New York Times writer John Schwartz acquires a colleague’s iPod and wonders at the invasion of privacy.
So eavesdropping on Ken’s iPod worried me. I have read about people randomly plugging in to each others’ iPods to figure out what songs are in their friends’ heads, or even in the heads of strangers. (They call it “podjacking.”) But this was a mind meld.
What if I hated Ken’s taste? Would I lose respect for him? I’m not talking about the Paula Abdul songs; we’re all entitled to our guilty pleasures. But what if it was all bubblegum, or deeply dull? It would be like opening his closet and finding Star Trek uniforms. I fretted.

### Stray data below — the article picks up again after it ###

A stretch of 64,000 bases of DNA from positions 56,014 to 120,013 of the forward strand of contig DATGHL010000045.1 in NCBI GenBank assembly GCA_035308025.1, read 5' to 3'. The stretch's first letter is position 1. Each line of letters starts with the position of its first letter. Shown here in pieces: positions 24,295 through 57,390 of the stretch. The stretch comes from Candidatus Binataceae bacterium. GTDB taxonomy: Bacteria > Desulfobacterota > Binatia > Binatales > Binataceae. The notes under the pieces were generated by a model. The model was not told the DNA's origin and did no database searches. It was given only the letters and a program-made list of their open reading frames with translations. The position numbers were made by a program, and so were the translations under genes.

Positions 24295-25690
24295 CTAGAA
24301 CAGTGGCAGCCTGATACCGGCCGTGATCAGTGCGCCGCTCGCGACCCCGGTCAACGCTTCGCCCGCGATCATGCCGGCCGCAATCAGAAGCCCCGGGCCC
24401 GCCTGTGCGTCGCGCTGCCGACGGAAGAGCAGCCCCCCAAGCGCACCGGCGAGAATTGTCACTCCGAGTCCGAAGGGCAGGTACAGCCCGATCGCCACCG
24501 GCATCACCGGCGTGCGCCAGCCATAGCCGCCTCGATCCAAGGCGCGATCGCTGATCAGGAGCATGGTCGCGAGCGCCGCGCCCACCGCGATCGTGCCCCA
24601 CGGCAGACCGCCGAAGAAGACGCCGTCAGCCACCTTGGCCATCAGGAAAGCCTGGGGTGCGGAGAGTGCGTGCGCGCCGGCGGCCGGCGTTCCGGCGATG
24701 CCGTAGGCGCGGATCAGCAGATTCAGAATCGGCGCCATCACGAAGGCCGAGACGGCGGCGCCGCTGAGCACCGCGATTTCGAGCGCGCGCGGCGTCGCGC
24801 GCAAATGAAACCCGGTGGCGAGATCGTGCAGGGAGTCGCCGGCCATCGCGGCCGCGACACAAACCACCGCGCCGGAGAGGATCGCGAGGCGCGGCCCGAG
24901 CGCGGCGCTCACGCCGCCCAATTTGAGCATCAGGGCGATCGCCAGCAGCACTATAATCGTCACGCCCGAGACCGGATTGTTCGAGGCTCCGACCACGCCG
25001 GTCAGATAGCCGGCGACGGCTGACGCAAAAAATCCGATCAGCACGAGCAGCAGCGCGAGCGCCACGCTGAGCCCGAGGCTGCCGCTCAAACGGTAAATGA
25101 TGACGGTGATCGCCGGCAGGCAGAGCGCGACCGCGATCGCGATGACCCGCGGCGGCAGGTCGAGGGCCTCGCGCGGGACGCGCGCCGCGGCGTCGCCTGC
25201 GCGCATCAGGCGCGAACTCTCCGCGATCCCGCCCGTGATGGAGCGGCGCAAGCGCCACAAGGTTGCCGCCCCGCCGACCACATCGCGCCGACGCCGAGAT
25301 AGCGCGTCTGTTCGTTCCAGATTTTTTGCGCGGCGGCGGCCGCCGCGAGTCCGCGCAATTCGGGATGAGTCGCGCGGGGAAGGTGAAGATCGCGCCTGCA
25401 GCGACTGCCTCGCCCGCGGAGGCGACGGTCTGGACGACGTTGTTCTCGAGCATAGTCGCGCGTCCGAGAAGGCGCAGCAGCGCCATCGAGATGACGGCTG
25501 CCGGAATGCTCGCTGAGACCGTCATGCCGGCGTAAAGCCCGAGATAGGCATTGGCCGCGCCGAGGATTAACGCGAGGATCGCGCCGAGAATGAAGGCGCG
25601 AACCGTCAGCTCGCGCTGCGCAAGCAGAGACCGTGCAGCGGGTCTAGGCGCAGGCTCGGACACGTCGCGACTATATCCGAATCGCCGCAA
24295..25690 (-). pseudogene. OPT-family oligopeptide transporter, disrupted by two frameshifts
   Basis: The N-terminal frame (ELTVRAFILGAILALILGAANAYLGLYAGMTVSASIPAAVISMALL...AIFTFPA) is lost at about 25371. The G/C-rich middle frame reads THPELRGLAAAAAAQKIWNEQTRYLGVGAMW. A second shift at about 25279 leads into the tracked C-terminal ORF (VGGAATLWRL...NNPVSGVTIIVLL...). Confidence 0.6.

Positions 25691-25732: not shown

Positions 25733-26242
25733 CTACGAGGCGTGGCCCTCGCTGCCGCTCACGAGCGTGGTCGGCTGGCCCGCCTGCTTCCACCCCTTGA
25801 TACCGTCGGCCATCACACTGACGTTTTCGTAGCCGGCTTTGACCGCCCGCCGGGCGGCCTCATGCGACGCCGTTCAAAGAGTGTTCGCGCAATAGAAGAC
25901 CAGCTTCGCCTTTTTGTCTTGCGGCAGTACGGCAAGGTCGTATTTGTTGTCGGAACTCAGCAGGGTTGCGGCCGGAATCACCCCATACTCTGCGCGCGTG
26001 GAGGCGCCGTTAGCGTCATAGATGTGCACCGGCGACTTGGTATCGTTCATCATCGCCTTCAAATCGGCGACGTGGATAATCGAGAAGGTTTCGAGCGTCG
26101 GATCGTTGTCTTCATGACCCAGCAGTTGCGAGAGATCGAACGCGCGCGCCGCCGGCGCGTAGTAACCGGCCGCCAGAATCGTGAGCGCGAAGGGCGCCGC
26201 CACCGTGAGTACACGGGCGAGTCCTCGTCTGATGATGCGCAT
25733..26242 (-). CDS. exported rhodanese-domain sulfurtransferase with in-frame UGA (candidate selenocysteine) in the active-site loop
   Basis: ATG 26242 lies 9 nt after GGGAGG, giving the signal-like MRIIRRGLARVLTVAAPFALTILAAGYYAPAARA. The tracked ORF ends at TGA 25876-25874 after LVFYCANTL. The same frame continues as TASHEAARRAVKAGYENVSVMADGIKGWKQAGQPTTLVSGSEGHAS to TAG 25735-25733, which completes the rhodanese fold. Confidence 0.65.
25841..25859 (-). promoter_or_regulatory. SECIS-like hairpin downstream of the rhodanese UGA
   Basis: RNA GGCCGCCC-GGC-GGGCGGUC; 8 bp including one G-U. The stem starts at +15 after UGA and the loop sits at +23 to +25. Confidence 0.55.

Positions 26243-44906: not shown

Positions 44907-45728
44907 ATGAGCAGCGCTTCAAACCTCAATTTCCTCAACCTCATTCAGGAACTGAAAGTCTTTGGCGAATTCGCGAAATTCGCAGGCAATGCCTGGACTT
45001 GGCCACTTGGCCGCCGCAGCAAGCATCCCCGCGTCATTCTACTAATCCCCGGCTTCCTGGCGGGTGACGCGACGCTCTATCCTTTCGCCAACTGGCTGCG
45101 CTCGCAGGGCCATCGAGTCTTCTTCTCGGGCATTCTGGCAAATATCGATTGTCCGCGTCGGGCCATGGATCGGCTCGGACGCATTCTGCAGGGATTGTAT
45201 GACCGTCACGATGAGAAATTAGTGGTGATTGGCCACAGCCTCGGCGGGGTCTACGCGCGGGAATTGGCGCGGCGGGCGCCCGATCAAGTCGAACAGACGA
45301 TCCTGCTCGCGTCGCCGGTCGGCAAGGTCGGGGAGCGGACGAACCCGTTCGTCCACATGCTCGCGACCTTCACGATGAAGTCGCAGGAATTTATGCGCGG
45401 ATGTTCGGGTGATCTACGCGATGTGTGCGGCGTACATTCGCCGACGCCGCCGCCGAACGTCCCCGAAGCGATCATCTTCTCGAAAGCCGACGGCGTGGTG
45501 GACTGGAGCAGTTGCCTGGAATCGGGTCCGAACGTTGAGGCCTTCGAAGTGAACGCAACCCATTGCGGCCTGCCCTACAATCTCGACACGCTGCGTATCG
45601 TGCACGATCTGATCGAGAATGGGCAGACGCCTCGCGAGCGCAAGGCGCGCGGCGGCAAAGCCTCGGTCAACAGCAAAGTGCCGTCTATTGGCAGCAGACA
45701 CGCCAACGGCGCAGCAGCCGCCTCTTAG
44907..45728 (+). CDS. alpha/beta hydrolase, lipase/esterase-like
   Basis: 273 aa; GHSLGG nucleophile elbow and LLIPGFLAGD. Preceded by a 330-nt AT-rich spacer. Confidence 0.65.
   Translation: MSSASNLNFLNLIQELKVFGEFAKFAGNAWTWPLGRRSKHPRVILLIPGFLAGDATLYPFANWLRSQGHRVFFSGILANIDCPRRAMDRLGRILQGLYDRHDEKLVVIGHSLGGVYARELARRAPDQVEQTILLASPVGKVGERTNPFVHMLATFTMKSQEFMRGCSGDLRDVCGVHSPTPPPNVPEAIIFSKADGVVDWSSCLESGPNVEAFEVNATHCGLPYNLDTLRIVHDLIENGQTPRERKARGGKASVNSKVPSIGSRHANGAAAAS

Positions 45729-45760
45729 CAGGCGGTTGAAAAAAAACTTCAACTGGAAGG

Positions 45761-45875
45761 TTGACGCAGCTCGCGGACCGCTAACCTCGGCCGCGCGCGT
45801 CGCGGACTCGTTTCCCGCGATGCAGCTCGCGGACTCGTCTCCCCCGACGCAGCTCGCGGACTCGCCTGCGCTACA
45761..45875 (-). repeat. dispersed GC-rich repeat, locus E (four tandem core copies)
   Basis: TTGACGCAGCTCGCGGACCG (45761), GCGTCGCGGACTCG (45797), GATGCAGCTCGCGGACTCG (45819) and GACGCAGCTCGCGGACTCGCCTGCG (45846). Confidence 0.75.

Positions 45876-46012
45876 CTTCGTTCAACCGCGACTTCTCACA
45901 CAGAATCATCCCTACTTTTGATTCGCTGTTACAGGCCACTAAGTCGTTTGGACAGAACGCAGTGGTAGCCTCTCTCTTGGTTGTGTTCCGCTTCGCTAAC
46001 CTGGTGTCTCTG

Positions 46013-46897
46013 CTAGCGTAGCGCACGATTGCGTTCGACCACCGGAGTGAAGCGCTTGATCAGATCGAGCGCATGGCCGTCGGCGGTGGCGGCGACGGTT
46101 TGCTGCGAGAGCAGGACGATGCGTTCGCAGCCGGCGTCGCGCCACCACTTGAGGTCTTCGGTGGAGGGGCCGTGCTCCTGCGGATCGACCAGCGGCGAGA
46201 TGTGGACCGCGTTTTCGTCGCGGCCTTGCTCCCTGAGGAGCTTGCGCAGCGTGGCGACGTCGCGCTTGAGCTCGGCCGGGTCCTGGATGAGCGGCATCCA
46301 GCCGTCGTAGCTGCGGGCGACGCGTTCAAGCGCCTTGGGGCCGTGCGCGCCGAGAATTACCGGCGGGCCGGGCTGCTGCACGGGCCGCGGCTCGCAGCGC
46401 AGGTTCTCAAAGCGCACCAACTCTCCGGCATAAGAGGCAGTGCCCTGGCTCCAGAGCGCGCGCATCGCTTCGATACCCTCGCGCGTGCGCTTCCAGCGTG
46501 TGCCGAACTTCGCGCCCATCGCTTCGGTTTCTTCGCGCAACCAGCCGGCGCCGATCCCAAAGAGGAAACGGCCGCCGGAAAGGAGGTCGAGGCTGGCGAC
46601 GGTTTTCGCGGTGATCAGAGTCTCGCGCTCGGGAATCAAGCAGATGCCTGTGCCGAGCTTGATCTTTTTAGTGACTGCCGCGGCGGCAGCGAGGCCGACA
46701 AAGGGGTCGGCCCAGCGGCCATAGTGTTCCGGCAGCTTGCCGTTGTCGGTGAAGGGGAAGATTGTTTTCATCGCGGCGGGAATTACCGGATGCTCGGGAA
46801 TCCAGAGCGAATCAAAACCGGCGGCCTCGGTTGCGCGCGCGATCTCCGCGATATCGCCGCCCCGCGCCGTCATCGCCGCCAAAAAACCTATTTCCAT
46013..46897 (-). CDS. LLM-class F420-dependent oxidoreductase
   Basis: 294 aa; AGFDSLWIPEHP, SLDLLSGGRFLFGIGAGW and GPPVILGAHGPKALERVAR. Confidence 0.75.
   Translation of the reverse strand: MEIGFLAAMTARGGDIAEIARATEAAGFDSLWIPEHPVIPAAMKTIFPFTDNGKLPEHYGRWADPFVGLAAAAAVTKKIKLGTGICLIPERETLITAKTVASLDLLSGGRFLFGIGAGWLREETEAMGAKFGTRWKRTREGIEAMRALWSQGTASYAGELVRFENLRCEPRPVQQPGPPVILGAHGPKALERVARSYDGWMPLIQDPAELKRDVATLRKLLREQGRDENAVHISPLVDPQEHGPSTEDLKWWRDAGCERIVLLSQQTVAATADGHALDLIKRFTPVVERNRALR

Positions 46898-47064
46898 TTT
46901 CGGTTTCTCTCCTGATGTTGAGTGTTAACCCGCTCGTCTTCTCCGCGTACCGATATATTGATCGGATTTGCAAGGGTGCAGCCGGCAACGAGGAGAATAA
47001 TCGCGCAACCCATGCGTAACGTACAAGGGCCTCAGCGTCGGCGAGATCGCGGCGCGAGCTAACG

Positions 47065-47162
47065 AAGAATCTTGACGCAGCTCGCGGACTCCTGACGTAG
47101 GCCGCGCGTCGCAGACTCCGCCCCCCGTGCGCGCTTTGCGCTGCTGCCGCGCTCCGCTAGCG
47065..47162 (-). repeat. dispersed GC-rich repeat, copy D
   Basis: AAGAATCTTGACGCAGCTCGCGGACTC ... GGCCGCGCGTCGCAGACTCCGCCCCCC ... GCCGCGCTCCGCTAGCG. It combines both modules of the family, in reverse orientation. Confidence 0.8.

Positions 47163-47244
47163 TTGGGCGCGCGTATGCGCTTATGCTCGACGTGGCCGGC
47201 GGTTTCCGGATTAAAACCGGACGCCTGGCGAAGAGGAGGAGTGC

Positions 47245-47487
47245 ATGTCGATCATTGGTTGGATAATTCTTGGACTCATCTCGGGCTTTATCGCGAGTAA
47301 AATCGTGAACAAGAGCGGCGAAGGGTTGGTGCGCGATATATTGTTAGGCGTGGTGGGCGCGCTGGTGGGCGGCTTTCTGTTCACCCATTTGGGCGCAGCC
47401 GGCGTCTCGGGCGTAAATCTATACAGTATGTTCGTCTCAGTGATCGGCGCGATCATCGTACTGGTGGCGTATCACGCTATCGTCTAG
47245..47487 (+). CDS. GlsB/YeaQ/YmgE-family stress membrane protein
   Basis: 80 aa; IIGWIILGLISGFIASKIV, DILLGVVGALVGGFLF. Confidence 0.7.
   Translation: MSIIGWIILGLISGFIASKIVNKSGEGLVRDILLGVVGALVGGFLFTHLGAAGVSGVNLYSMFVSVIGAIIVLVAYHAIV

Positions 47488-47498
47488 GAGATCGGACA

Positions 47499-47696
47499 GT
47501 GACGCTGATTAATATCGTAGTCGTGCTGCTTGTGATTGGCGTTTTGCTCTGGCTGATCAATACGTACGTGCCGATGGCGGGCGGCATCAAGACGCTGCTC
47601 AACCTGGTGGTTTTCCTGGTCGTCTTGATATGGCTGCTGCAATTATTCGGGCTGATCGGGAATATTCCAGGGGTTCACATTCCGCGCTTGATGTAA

But I fretted wrong. Moments of serendipity thrilled me; I was driving with my teenage daughter, listening to the iPod through the car stereo, when the Beatles’ “Yesterday” began to play. It’s a song that is nearly dead to me after so many thousands of repetitions. But when it finished, the machine skipped to a version of the song I had never heard, by Ray Charles. He sang with all the pain and heart that the twentysomething Paul McCartney could not have known, and I listened with tears in my eyes.
It’s an interesting essay.